High school seniors honored with NCCF Coastal Stewardship Awards announced
The North Carolina Coastal Federation is honoring three graduating high school seniors with outstanding dedication to the coastal environment with the 2021 Coastal Stewardship Award. High school seniors from the 20 North Carolina coastal counties were invited to apply for the award and share their accomplishments and activities that make them a great coastal steward. Out of a wide range of applicants, NCCF’s award committee selected three students to receive the 2021 award: Cecille Ernst of Kitty Hawk, Anthony Marello of Cedar Point and Meagan Bergstrom of Wilmington.
NCCF launched the award program in 2019 with one award and expanded the program coastwide in 2020 to include three awards of $1,000 each. This program was supported by Coastal Stormwater Services, Emerald Isle Realty and private individuals.
“During a time of so much upheaval, and while our students are not able to be in school or participate in group activities, we’re so happy to share some good news and honor these students who have really gone the extra mile for the coastal environment,” said Bonnie Mitchell, NCCF coastal education coordinator. “Their dedication and enthusiasm is so inspiring.”
Ernst is a senior at First Flight High School. She gained an early appreciation for the environment while planting pollinator gardens and composting. She has been participating in beach clean-ups with her church’s youth group since she was 12 years old and joined the recycling club her freshman year. She also joined phytoplankton club where she collected water, examined specimens under a microscope and recorded findings to send to NOAA. Ernst hopes to further her education by seeking a bachelor’s in geology or environmental science.
“I am interested in protecting and helping the coasts due to my upbringing on the Outer Banks. This area has allowed me to see how beautiful and amazing our coastal environments really are, and has helped me to develop a passion for wanting to keep them that way,” said Ernst. “I believe that we must strive for cleaner and safer marine ecosystems, as they not only help us in so many ways, but they are also the backbone of our community.”
Marello is a senior at Croatan High School. He has been volunteering with the federation since his freshman year. So far, he’s dedicated 30 to 40 hours on oyster restoration projects alone. Marello also spent summers volunteering at the Pine Knoll Shores aquarium giving presentations to the visitors on the wildlife. He’s participated in various marine debris cleanups on local beaches and the Croatan National Forest. Marello plans to major in computer science with a minor in marine biology or environmental science while continuing his passion for community service.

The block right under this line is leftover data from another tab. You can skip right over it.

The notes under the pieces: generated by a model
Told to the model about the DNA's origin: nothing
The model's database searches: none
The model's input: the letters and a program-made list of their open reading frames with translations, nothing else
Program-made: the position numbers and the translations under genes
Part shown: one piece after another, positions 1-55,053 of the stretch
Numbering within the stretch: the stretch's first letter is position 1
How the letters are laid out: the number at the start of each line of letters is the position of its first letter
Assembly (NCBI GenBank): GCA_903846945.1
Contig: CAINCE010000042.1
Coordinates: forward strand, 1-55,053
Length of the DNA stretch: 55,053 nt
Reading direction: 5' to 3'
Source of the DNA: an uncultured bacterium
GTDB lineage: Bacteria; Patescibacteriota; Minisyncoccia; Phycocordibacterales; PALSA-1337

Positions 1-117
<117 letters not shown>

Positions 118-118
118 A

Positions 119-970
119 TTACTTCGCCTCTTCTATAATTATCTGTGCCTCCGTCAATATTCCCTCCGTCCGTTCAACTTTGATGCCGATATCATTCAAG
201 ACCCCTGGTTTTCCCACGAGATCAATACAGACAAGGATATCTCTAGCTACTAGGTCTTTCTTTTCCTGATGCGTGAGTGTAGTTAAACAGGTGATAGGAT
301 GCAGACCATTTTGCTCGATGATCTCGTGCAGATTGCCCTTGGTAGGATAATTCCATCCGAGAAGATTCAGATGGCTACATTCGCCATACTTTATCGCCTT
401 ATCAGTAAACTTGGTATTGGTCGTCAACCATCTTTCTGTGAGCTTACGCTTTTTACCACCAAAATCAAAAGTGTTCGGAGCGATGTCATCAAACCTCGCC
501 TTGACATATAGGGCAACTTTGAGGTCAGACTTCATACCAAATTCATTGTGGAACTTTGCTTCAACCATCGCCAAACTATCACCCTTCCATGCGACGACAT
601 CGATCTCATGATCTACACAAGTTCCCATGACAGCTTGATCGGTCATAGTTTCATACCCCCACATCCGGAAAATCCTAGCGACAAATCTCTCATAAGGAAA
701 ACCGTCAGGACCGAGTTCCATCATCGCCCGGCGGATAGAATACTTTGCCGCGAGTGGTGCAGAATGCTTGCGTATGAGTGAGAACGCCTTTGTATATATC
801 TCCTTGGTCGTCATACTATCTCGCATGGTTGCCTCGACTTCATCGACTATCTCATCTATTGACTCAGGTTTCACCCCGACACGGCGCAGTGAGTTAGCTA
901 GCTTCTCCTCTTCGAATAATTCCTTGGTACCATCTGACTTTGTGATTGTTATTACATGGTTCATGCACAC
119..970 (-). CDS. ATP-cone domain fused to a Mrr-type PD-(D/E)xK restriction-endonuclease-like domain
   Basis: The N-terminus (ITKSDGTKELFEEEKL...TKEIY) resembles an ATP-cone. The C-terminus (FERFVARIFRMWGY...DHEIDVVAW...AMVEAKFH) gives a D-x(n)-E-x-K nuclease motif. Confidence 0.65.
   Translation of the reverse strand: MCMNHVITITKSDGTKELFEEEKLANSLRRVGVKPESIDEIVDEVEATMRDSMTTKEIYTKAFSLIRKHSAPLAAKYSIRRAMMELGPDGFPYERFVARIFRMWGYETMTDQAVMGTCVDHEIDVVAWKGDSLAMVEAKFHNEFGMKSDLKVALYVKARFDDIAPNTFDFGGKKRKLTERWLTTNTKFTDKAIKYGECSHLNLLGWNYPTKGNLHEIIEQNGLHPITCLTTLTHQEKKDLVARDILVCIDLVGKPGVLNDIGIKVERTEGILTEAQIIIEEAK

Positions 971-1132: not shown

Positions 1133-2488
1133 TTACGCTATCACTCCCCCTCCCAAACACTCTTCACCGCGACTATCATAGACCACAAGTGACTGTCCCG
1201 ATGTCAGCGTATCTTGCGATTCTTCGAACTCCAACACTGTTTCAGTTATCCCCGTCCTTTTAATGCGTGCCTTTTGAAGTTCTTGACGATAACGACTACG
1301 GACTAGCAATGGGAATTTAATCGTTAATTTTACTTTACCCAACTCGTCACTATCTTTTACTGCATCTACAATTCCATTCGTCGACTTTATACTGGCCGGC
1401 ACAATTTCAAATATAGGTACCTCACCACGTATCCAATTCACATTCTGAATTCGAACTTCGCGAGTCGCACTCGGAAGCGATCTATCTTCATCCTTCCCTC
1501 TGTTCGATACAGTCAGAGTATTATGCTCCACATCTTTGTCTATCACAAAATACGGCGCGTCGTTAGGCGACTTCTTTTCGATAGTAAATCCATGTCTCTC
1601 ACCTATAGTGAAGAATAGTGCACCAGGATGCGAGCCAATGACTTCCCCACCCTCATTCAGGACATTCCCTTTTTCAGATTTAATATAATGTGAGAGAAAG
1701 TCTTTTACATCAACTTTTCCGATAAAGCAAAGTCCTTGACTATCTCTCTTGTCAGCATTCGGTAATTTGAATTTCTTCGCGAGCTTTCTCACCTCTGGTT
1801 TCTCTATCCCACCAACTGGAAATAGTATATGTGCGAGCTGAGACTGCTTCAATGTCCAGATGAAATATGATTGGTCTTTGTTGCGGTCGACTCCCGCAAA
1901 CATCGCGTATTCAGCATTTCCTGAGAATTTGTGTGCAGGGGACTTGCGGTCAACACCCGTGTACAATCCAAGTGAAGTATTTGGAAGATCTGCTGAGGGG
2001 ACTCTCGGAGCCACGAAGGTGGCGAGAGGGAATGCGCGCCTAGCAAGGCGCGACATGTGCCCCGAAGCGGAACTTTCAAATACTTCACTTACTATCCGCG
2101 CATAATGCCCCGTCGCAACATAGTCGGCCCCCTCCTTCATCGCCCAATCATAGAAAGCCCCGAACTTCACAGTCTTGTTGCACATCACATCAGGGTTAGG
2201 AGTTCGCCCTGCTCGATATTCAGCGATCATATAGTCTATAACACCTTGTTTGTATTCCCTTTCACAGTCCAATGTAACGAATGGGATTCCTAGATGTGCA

“I’ve always enjoyed being outside and enjoying our coastal beaches and waters. Our coast is a defining part of our community, and when given the option to contribute to the community, the coast is where I want to commit my time,” said Marello. “It’s fulfilling to be able to help preserve our coast and the wildlife it supports. I’ve had a great experience working with the Coastal Federation, and I am grateful for the scholarship and the opportunities that comes with it.”
Bergstrom has been enrolled in Eugene Ashley High School’s Marine Science Academy for three years. Through the program, she’s been able to apply her marine biology and oceanography studies on research cruises, labs at UNCW and through the role of captain on the National Ocean Science Bowl. Bergstrom has interned with Plastic Ocean Project, managing the social media for the Blue New Deal Coalition, logged over one-hundred volunteer hours at the Fort Fisher Aquarium and has worked with 350 Wilmington to organize Climate Strikes. Bergstrom plans to major in environmental science in college, either at NC State or UNC Chapel Hill. Bergstrom is hoping to minor or double major in communications, so she can better educate others on environmental issues.
“Living and working on the coast has driven me to realize both the importance of conservation and the challenges faced everyday by the coastal community,” said Bergstrom. “Moving forward with this award I hope to continue my education on environmental conservation so I can one day make a difference in this field.”
“The federation is pleased to honor these impressive students and is grateful for the support of our sponsors who make the Coastal Stewardship Award possible,” stated NCCF.
Just before 5 p.m. on Wednesday afternoon, April 14, 2021, a construction accident at the demolition site of the old... read more